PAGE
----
Insurance lawyers should understand the interaction between the Texas Insurance Code and the Texas Deceptive Trade Practices Act (DTPA).
Texas Insurance Code, Section 541.151(2) cross references and prohibits conduct defined in Section 17.46(b) of the DTPA. The DTPA statute applies to all types of consumer transactions, not just insurance, so many of the provisions are not directly relevant. The most relevant subsections prohibit:
DTPA, Section 17.46(b)(2) – causing confusion or misunderstanding as to the source , sponsorship, approval, or certification of goods or services,
DTPA, Section 17.46(b)(5) – representing that goods or services have … benefits, … which they do not have or that a person has a sponsorship, approval, status, affiliation, or connection which he does not,
DTPA, Section 17.46(b)(12) – representing that an agreement confers or involves rights, remedies, or obligations which it does not have or involve, or which are prohibited by law,
DTPA, Section 17.46(b)(24) – the failure to disclose information concerning goods or services which was known at the time of the transaction if such failure to disclose such information was intended to induce the consumer into a transaction into which the consumer would not have entered had the information been disclosed.
Section 17.46(b) is commonly called the “laundry list.” As explained in the 1984, Corpus Christi Court of Appeals opinion styled, McCrann v. Klaneckey, insurance transactions fit within these prohibitions because courts have held that insurance is a “service.”
To sue for conduct in violation of one of these provisions, the plaintiff must show that he relied on the act or practice to his detriment. This requirement is found in Texas Insurance Code, Section 541.151(2)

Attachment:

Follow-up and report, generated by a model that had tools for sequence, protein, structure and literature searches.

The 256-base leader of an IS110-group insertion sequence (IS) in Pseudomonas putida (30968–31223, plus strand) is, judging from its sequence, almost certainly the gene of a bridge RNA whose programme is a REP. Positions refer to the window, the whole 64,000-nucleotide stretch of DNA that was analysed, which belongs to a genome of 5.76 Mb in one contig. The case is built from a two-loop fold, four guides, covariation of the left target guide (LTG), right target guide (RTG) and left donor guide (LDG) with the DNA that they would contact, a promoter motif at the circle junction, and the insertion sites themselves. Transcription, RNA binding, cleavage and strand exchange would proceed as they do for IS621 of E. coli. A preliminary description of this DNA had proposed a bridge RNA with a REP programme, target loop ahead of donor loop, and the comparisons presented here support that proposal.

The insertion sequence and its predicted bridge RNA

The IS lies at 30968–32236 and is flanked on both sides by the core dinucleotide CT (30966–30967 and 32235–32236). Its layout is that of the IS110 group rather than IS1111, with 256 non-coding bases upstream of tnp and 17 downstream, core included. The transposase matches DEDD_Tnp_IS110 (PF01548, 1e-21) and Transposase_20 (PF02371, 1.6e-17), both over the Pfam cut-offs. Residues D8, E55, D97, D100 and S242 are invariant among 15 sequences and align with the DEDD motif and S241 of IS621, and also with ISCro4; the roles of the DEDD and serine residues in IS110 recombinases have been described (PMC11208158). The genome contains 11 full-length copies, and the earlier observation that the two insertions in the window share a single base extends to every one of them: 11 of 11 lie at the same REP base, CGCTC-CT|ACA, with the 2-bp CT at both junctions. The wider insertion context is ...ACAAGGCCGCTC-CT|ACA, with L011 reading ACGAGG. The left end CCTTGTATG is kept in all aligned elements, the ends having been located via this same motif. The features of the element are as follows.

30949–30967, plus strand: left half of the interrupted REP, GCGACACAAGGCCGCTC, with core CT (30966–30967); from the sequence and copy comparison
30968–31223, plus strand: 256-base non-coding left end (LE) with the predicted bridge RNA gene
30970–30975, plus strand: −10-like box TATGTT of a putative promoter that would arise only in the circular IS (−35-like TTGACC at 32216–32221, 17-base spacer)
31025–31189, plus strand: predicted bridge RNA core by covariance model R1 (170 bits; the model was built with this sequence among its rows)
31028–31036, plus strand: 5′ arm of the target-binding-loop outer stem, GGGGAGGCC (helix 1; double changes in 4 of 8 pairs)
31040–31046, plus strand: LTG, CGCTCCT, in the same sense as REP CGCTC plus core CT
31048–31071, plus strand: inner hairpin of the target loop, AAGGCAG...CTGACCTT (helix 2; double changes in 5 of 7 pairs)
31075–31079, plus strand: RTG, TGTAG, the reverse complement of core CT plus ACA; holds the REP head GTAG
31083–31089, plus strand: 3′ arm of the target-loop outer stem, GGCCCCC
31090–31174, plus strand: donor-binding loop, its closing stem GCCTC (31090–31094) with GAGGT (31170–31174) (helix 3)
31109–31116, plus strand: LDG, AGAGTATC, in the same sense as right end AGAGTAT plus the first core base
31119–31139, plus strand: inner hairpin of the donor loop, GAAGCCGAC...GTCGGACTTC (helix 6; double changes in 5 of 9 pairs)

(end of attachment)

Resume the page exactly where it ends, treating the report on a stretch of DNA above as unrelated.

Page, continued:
Pursuant to the 1987, Texas Supreme Court opinion styled, Aetna Casualty & Surety Company v. Marshall, an insurer’s breach of its contractual promise to pay future medical benefits was precisely the sort of conduct forbidden by DTPA, Section 17.46(b)(5).
It important to keep in mind that although the Insurance Code and the DTPA provisions both prohibit misrepresentations and nondisclosures, it can be important for a plaintiff to carefully choose the prohibition that best fits the evidence or that has an easier burden of proof. For example, an insured was able to prove the insurer violated the Insurance Code, Section 541.061 by failing to disclose information, but could not prove a violation of the DTPA, Section 17.46(b)(24), because there was no evidence that the insurer withheld the information with the intent to induce him to buy. This was discussed in the 2000, Corpus Christi Court of Appeals opinion styled, Colonial County Mutual Insurance Company v. Valdez.